Doing Business Regional, National, and Subnational Reports

1,646 items available

Permanent URI for this collection

This collection holds the regional, national, and subnational serial publications.

Items in this collection

Now showing 1 - 10 of 17
  • Publication
    Doing Business in Central America and the Dominican Republic 2015: Overview
    (Washington, DC, 2015) World Bank Group
    The strengthening of sustained and inclusive economic growth providing opportunities for all and reducing inequality is a key to achieving shared prosperity in Central America and the Dominican Republic. However, the countries in this region except for Panama and Costa Rica have not yet attained growth driven by high productivity. Foreign trade grew less in Central America than in other regions. Other studies reveal that the areas having the greatest impact on trade costs and volumes are information availability, process improvement through the use of online tools, and document simplification and streamlining. The strengthening of the business environment is a key action within these countries' competitiveness and productivity agenda. If laws and regulations are clear, accessible, and transparent, while at the same time they are enforceable before a court of justice if necessary, entrepreneurs will have more time to devote to productive activities and will feel more confident to run the risk of doing business with people they don't know, which may contribute to the expansion of their client and supplier network, thereby making their business grow. Doing business in Central America and the Dominican Republic 2015 for the first time includes a gender perspective based on the study of the laws and regulations that impose differential treatment for women.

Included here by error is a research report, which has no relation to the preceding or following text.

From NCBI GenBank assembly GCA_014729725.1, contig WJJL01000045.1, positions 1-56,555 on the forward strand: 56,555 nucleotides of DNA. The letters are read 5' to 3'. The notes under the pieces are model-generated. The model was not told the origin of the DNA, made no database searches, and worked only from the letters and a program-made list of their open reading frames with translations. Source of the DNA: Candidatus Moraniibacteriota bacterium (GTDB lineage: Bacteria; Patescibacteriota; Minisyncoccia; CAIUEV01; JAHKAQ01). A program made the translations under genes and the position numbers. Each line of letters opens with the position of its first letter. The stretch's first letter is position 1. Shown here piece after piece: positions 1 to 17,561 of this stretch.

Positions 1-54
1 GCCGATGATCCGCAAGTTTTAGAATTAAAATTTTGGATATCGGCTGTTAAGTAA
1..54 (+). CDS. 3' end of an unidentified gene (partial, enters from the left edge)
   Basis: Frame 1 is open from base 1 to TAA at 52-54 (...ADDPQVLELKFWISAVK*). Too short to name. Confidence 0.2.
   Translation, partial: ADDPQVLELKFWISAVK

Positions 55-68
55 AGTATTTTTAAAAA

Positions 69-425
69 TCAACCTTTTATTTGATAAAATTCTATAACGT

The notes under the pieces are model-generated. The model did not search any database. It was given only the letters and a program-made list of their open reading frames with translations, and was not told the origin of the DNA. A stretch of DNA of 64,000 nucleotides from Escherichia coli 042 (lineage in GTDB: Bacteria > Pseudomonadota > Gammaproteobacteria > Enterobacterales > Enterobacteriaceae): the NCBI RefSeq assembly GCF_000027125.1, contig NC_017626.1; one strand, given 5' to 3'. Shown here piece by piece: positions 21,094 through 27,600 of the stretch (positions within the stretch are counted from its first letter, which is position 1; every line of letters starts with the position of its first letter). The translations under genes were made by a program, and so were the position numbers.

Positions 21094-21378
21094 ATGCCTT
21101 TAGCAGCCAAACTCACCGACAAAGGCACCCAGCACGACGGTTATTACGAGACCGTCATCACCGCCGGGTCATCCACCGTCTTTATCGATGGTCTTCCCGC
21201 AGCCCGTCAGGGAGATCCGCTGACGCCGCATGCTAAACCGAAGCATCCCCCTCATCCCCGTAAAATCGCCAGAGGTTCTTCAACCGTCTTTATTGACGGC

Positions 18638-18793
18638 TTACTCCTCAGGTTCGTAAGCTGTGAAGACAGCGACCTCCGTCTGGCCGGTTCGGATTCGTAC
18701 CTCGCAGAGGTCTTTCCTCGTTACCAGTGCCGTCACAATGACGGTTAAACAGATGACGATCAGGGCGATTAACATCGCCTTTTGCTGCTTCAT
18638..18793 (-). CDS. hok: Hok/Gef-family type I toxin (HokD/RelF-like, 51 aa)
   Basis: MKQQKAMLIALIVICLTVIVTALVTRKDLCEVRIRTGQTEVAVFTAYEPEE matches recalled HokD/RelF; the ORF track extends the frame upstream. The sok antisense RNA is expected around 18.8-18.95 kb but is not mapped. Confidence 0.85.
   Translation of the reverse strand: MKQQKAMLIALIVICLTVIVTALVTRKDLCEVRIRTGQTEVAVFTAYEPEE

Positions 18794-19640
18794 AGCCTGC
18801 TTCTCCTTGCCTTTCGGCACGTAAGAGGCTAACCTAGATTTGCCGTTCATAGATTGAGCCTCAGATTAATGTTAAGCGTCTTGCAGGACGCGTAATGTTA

• Publication
    Doing Business Economy Profile 2015 : Sudan
    (Washington, DC, 2014-10) World Bank Group